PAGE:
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Meltdown: The End of the Age of Greed

A fully updated new edition of an acclaimed report on the global financial crisis.
Meltdown is the gripping account of the financial collapse that destroyed the West’s investment banks, brought the global economy to its knees, and undermined three decades of neoliberal orthodoxy. Covering the development of the crisis from the economic front line, BBC Newsnight journalist Paul Mason explores the roots of the US and UK’s financial hubris, documenting the real-world causes and consequences from the Ford factory, to Wall Street, to the City of London. In this fully updated new edition, he recounts how the credit crunch became a full-blown financial crisis, and explores its impact on capitalist ideology and politics in our new age of austerity.

Reviews

  • “A page-turning account … Mason is refreshingly clear-eyed—and angry.”
  • “Excellent.”
  • “What people need is a reliable guide to the financial crisis … Meltdown is the book they are looking for.”
  • “A lucid and sharply polemical account.”

Blog

  • Wolfgang Streeck: ‘Out of the Euro!’

    The political economist and author of Buying Time argues that 'the unified capitalist economy is destroying European diversity' and that in order to save this ideal, 'the monster of monetary union must be unravelled'. 

     

    If everything goes well, then what has been happening before our eyes in the last few days is the beginning of the end of the European monetary union. ‘If the Euro collapses, then so does Europe,’ said Chancellor Merkel, when it was a question of selling to the electors one of the horrendous ‘rescue packages’ for the European banks. Now we have the very opposite. The Euro is in the process of destroying Europe. If the Euro collapses – and let it be soon! – it may be that Europe actually doesn’t collapse. The outcome is certainly not clear; the wounds that monetary union has inflicted are too deep.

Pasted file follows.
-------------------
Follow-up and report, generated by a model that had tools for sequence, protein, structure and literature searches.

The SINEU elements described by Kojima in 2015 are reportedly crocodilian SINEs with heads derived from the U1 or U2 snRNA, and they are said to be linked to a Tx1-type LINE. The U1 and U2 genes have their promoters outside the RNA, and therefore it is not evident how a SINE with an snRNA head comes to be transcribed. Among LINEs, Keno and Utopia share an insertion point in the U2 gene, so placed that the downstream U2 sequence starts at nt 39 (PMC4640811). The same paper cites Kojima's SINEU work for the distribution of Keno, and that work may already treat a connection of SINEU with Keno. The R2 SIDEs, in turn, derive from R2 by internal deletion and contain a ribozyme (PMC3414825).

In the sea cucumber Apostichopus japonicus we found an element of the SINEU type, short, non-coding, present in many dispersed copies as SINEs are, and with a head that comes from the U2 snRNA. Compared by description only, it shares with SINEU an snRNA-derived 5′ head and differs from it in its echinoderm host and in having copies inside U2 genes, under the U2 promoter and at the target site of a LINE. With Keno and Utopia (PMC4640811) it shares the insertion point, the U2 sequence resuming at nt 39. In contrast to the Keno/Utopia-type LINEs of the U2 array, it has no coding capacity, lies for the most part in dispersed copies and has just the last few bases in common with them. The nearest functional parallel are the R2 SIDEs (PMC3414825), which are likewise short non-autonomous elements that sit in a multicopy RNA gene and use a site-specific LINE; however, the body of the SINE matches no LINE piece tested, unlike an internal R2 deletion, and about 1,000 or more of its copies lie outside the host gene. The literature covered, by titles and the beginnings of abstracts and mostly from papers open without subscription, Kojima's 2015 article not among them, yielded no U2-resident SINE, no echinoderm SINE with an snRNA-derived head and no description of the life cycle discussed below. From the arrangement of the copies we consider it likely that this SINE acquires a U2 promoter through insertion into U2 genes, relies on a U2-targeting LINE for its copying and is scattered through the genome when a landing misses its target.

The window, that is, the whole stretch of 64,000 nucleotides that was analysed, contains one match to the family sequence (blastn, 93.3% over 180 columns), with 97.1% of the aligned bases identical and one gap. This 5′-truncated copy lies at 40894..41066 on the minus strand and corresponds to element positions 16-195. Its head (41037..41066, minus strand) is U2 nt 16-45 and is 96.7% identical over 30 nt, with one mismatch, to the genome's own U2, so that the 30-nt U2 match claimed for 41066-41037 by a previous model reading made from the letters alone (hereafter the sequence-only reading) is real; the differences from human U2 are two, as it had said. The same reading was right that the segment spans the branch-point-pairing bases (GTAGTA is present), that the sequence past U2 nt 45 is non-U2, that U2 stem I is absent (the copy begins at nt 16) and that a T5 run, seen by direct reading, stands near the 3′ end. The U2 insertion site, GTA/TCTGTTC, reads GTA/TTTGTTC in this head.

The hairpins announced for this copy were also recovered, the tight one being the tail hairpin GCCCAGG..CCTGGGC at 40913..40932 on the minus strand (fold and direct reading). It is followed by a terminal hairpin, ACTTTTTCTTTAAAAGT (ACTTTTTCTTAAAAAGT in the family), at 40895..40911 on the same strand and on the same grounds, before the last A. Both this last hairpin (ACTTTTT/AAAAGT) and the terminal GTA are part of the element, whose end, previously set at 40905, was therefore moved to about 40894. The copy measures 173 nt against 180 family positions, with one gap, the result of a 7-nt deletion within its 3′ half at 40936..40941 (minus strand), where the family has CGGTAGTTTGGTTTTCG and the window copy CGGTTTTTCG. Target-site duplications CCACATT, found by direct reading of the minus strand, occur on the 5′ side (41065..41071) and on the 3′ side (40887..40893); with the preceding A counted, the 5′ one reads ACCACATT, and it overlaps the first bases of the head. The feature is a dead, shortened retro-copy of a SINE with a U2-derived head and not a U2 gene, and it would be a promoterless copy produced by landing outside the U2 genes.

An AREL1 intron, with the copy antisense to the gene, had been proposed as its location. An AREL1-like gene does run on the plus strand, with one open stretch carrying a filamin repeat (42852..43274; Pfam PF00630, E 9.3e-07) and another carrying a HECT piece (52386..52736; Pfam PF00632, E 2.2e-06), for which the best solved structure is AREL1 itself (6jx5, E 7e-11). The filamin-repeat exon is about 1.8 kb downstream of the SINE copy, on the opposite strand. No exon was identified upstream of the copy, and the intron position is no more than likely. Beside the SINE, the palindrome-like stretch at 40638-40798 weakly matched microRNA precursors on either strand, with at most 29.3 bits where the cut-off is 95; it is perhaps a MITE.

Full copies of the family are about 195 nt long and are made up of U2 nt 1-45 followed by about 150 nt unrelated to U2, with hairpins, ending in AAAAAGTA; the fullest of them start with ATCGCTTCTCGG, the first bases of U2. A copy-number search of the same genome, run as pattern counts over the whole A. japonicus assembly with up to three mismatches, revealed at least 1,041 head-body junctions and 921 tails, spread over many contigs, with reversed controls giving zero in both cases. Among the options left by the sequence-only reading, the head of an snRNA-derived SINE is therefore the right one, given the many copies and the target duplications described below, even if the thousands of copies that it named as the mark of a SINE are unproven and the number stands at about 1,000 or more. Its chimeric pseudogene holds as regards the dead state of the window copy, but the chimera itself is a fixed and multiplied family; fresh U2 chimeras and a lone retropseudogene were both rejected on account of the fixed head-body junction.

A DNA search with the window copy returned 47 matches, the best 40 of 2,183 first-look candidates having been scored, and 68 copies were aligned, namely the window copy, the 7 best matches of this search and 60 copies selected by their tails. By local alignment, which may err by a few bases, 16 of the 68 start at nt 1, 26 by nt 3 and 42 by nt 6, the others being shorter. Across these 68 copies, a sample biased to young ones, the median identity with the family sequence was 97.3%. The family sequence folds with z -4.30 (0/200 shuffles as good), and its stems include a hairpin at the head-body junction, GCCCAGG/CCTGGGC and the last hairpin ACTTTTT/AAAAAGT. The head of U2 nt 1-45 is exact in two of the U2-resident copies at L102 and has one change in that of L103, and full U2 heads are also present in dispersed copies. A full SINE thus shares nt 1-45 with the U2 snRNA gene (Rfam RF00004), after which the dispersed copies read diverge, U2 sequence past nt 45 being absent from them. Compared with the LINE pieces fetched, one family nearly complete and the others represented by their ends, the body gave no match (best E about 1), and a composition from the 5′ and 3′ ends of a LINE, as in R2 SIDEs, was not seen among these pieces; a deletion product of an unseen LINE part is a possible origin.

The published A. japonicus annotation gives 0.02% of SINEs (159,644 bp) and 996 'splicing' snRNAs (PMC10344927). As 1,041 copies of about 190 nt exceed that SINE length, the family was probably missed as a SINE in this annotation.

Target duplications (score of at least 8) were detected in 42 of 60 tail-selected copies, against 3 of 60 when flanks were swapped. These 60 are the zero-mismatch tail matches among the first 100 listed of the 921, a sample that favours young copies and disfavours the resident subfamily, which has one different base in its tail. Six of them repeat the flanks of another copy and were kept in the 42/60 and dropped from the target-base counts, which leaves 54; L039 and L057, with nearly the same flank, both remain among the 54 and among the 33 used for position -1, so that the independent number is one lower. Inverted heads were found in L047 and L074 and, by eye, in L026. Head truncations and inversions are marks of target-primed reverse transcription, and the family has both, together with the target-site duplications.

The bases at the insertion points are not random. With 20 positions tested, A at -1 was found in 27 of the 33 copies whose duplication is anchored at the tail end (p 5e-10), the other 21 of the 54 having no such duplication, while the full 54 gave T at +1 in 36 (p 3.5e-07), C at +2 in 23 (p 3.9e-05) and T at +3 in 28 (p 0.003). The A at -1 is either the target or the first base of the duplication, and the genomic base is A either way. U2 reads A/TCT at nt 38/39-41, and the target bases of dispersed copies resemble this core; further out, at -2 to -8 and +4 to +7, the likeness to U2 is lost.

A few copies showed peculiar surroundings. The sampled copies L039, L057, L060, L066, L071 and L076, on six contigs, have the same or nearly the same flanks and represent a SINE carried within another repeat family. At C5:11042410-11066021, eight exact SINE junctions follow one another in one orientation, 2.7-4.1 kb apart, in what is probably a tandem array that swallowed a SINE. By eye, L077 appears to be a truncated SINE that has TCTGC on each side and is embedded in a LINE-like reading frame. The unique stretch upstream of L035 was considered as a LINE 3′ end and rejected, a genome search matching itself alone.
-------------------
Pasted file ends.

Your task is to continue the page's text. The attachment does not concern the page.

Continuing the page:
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  • Syriza explained by Stathis Kouvelakis

    In this interview originally published in Nouvel Observateur, the political theorist and member of Syriza's central committee, Stathis Kouvelakis looks at the origins of the Syriza phenomenon.


     Protesters clash with policemen during riots at a May Day rally in Athens, 2010

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  • A Reply to the Sophists by Stathis Kouvelakis

    Since Syriza was elected, Stathis Kouvelakis, who is a member of the party's Central Committee, has been providing vital insight and analysis of the rapidly developing situation in Greece. Below he addresses current understandings of the Greek government's agreement with the Eurogroup, including that of Étienne Balibar and Sandro Mezzadra, posted earlier today.



    In the last few days there have been two sophisms circulating among those who refuse to look reality square in the face and recognise the retreat that Syriza has been forced to make, as well as its possible consequences. Or rather, two and a half. And I say ‘forced’ with good reason, because the new government has been trapped by its mistaken strategy: though I wouldn’t say it was a ‘betrayal’ or ‘capitulation’, since these are moralising terms that are of very little use for understanding political processes.

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Other books by Paul Mason